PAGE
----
Kody Wirth is a content writer and SEO specialist for Palo Alto Software—the creator's of Bplans and LivePlan. He has 3+ years experience covering small business topics and runs a part-time content writing service in his spare time.
6 min. read
Updated January 5, 2024
It seems like everyone has a side hustle these days—and for good reason. A side hustle is a far less risky way to flex your entrepreneurial muscles and bring in additional income.
That doesn’t mean you should treat your side gig differently from a business—especially if you want it to grow and eventually become your full-time job.
In this guide, we’ll walk you through how to make a money-making side hustle, balance it with a full-time job, and determine when it’s time to go full-time.
Starting a side hustle is similar to a full-time business. We’ll focus on the key steps and unique time-investment decisions to get a part-time business up and running.
There are thousands of potential side hustle ideas out there. It may be tempting to pursue something that seems easy or passive. But, to start the perfect side hustle, you should choose something that leverages a pre-existing skillset or you are passionate about.
This not only makes the work more enjoyable but easier to take on. Whether it’s a hobby you’ve always loved, a skill you’ve mastered, or a gap in the market you’ve noticed—your side hustle should be something that excites and motivates you.
A hobby can be a great starting point for a side hustle. But not every hobby is built to generate revenue.
A unique step in launching a side business is considering how much time and energy you can realistically commit. Remember, this will include your full-time job and personal responsibilities.
You must be honest about your availability and set boundaries to maintain a healthy work-life balance. You also need to be sure you’re dedicating enough time for your business to gain traction and grow.
While this depends on your circumstances, reviewing your current habits is a great place to start. Identify when you have downtime—especially when doing something unproductive or enjoyable. That could be replaced with time spent on your side hustle.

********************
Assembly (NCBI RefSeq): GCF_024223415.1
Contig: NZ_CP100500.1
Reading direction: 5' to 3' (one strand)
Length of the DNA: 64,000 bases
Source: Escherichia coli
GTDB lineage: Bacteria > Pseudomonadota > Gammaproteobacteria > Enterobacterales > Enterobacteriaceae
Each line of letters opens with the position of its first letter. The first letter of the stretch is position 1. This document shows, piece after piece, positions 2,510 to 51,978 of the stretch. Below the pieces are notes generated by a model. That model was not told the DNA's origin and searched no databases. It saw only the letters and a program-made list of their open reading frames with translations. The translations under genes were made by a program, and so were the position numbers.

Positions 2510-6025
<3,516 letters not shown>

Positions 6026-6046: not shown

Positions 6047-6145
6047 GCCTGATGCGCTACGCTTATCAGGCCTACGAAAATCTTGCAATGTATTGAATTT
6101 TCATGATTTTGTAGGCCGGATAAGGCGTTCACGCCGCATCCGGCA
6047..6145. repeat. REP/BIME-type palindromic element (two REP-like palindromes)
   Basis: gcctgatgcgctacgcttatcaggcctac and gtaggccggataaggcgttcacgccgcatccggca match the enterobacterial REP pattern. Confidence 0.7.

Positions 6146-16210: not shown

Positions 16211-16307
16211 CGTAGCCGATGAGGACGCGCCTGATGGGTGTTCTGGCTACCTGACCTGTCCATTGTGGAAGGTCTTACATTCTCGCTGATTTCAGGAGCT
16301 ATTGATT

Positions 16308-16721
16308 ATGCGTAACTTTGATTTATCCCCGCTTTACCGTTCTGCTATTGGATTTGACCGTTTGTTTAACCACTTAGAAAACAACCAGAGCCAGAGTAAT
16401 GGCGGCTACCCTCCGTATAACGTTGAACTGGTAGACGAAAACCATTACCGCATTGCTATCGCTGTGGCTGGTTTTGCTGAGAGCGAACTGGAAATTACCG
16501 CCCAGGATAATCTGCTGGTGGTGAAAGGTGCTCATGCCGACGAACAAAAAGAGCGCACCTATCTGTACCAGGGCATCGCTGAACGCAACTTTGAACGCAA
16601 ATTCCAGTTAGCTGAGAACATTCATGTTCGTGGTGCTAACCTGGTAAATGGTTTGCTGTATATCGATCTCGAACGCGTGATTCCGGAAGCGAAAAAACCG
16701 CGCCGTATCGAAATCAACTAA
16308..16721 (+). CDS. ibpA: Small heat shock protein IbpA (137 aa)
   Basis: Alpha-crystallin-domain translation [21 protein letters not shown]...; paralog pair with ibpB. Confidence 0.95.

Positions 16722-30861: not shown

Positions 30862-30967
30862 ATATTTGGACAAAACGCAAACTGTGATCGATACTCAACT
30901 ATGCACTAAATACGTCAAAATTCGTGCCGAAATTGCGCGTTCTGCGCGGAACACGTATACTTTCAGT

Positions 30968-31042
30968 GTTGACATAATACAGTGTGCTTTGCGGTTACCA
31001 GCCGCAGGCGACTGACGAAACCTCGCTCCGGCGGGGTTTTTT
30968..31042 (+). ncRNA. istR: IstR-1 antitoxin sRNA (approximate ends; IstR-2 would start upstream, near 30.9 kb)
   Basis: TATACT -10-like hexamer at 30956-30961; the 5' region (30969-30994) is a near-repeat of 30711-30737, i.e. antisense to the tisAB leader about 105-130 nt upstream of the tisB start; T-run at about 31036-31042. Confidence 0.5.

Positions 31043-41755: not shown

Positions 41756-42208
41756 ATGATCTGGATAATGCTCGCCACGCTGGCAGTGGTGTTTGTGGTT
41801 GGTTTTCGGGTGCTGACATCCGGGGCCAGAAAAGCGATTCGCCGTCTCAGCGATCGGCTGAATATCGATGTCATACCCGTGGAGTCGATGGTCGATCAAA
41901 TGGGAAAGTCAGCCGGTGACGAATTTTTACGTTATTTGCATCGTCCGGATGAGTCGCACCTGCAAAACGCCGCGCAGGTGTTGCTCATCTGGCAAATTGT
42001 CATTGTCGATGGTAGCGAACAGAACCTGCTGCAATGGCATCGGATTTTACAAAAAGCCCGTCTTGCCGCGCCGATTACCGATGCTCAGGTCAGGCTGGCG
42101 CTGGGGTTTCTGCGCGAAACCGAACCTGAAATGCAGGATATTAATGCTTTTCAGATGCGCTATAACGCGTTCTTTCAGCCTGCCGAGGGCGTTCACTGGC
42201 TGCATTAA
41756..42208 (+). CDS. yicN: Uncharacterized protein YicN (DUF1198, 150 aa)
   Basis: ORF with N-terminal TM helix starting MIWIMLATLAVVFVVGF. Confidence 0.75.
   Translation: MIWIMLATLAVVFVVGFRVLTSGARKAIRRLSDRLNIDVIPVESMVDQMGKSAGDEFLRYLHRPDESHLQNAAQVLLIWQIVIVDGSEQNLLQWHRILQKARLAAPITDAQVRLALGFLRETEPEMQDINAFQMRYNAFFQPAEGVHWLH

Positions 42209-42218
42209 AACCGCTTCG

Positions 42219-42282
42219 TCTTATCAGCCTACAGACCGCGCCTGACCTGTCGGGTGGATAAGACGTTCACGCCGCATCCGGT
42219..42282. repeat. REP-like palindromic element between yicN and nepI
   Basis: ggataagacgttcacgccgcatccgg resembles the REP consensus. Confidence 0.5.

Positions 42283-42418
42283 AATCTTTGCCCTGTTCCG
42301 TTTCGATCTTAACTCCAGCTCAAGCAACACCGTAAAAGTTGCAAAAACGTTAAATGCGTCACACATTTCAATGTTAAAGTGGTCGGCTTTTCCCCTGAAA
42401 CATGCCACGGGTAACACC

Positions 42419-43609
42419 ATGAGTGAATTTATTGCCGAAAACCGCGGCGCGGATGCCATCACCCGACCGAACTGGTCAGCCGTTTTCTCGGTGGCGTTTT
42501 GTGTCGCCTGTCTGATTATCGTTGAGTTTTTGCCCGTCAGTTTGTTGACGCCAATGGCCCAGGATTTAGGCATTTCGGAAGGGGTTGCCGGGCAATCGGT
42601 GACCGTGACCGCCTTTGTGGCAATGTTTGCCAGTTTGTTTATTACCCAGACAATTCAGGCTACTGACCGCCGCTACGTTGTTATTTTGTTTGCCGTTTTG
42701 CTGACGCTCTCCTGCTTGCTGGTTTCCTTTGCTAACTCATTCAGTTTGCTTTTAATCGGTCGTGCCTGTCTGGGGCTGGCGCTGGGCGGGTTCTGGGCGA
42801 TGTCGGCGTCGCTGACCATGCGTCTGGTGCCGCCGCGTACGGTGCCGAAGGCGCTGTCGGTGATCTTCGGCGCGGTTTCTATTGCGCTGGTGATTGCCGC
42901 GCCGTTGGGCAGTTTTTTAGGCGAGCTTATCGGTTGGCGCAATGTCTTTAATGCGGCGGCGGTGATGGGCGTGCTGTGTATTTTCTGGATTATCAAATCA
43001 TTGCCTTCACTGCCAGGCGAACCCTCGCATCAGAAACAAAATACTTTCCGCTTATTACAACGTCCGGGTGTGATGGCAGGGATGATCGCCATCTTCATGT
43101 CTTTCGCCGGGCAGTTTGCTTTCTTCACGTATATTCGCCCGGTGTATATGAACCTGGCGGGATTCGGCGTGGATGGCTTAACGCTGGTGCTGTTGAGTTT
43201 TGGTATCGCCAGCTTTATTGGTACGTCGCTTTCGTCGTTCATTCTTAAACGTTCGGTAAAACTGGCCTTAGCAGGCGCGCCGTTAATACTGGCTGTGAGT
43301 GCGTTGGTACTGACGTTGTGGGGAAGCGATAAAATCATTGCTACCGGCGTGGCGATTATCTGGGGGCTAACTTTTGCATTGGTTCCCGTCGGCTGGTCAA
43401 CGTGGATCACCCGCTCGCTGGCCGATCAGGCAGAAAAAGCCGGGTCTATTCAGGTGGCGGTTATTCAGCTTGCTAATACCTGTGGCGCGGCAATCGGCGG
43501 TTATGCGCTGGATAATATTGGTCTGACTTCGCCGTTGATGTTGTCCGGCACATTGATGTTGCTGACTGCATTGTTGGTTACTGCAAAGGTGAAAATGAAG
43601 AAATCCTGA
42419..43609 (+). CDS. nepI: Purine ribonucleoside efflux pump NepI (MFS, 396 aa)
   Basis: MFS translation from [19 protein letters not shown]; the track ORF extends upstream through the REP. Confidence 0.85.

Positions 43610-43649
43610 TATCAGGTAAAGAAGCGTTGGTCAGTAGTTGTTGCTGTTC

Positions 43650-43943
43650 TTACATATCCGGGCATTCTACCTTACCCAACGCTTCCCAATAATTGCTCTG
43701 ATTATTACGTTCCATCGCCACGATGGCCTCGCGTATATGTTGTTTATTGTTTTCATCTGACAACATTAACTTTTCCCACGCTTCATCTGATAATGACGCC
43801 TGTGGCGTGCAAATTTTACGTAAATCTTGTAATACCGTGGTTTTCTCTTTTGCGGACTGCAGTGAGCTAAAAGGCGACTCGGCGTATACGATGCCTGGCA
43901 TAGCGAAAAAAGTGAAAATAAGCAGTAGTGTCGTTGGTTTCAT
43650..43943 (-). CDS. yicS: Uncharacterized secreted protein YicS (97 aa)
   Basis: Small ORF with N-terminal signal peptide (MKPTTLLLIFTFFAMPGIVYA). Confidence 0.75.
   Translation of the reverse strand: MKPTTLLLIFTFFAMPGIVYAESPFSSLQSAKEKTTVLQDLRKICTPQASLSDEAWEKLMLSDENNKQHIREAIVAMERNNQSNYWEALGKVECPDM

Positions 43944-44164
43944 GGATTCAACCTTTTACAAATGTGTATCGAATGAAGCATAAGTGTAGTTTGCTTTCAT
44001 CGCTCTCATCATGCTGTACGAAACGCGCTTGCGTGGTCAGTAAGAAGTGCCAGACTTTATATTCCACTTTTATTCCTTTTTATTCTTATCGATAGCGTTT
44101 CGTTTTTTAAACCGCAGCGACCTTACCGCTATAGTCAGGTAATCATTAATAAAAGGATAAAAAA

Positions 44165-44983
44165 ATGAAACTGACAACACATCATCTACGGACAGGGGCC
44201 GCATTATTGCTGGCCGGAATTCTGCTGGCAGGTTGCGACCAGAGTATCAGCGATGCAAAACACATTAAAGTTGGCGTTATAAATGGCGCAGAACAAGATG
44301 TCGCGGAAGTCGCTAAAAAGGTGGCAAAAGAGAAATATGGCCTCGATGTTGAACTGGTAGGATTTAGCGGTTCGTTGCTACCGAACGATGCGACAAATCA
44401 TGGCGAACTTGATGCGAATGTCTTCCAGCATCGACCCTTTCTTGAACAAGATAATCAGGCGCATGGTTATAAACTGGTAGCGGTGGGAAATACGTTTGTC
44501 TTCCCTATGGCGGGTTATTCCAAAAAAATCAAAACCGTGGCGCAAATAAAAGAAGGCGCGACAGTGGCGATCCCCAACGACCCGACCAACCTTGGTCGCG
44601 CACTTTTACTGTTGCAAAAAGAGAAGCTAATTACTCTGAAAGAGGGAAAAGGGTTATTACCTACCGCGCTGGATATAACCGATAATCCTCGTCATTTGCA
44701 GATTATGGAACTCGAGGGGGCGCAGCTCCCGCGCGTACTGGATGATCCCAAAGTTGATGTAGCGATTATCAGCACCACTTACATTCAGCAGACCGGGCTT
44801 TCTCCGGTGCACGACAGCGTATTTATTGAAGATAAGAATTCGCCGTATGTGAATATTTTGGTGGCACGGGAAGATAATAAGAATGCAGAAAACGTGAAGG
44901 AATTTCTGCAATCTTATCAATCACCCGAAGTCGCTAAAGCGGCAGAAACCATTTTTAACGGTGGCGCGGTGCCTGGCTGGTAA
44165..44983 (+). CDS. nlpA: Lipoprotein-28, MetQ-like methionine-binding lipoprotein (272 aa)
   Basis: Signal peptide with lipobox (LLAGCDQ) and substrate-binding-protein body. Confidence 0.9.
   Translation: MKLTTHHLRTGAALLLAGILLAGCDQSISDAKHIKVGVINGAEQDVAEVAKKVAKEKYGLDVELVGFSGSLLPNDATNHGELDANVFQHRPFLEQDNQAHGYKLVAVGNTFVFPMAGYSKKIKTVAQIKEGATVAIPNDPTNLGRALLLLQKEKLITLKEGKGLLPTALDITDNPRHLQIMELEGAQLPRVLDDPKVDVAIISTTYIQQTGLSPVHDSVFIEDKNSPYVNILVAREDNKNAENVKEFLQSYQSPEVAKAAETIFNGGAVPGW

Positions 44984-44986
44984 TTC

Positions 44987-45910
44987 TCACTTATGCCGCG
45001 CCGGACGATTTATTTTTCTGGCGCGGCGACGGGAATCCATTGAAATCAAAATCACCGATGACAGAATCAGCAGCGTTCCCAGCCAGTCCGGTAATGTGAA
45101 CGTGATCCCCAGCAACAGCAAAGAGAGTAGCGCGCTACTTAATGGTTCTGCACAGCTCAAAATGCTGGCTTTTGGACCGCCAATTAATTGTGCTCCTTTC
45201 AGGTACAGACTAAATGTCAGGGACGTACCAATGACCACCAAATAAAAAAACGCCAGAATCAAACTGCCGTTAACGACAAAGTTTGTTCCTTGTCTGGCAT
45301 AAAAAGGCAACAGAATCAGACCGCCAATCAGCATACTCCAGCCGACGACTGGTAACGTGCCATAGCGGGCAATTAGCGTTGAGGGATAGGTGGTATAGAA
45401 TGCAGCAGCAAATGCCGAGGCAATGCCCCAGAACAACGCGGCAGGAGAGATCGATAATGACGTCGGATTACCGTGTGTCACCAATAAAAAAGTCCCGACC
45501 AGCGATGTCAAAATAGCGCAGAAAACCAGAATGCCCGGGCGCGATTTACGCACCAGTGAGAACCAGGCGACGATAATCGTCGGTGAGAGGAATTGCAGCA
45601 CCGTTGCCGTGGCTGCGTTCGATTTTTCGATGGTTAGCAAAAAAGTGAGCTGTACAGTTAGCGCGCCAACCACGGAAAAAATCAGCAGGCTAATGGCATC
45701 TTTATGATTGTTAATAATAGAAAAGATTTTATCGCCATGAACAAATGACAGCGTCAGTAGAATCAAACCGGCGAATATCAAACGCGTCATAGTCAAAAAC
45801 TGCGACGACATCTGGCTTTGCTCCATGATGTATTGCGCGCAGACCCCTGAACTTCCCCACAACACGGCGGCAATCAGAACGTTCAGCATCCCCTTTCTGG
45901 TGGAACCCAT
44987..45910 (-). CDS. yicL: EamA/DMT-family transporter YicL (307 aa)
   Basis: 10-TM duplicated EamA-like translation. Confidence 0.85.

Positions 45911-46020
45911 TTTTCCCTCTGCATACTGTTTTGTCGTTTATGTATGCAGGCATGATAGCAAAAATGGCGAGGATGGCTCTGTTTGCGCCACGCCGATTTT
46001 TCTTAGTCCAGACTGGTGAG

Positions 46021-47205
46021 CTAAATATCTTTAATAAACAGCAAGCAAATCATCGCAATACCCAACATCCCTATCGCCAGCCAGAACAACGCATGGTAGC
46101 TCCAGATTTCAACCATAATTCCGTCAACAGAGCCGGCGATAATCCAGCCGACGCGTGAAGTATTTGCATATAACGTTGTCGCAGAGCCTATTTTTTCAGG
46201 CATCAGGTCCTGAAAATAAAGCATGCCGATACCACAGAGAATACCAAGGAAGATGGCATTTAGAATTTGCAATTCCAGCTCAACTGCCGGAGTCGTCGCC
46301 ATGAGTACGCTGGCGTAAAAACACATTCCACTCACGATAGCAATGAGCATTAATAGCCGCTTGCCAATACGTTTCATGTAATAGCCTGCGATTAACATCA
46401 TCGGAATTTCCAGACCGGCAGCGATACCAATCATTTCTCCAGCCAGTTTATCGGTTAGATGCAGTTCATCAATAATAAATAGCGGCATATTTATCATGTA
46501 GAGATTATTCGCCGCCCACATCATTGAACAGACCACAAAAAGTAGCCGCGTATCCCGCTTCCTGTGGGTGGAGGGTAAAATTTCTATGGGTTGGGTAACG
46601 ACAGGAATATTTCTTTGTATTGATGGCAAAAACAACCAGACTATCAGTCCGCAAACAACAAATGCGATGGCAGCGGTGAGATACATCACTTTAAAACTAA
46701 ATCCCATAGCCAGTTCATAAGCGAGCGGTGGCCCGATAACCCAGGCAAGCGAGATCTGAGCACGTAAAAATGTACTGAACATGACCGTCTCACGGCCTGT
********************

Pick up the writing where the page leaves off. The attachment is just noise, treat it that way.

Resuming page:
Dig Deeper: 8 tips to balance your side hustle and day job
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Next, you must figure out how your side hustle will generate income. Will you sell a product or service? Will you charge a flat fee or an hourly rate? How much will you charge, and how does it compare to competitors?
Understanding your business model is crucial to making your side gig financially viable. It will also help you know if your business is scalable and better prepare you to take things full-time.
Even though it’s a side hustle, it’s still a business. You need a business plan.
Creating a one-page business plan makes the process quick and easy and helps you clarify your vision, set goals, and outline your strategy for achieving them.
Your plan doesn’t need to be a formal document but should cover key aspects like your target market, pricing strategy, marketing plan, and financial projections.
Knowing how much money you’d like to make with your side hustle can be difficult. Since you’re running it along with being employed, your livelihood likely isn’t relying on its success. That doesn’t mean you should skip setting goals for yourself.
Start by considering why you’re launching a side hustle and set revenue goals around that. You could be saving for a down payment on a house, want extra cash on hand, or hope to make enough to quit your job. It’s also helpful to consider how much competitors or similar businesses are making to set realistic expectations.
Then, take into consideration your time investment. Depending on how often you can work on your business, this can hinder how much you’ll make.
Finally, it’s essential to make sure your side hustle is legal. Steps might involve registering your business, obtaining necessary licenses or permits, and understanding your tax obligations. You’ll also want to set up a bookkeeping process to be sure you’re keeping track of expenses and revenue.
While this step may seem like overkill, it’s crucial for protecting yourself and your side hustle. It will also make it much easier to go full-time if and when the time is right.
Even if it’s not your primary goal, there may come a time when you’re considering making your side hustle a full-time business.
Here are a few curated resources to help you through this life-changing decision.
Are you unsure if it’s the right time to quit and focus solely on your business? Here are the signs that show you’re ready.
Make sure you answer these questions before you put in your 2-weeks.
Starting with a side hustle is an excellent way to explore the entrepreneurial world without the full risk of leaving your steady income. It allows you to test the waters, learn valuable skills, and potentially build a business that could eventually replace your full-time job.
Here are some additional reasons why starting with a side hustle can be beneficial:
A side hustle can be more than just a way to make extra money. It can lead to personal growth, financial stability, and entrepreneurial success.
Whether you’re looking to generate extra income in your spare time or want a low-risk method for testing a business idea—you need to run your side hustle like a business.
Spend time creating a business plan. Be sure that you have potential customers. Know how you’ll make money and make it all legal. Following these steps will increase your chances of reaching whatever goal you have for your side gig.
Want to learn more about a specific step? Check out our full guide on starting a business for more.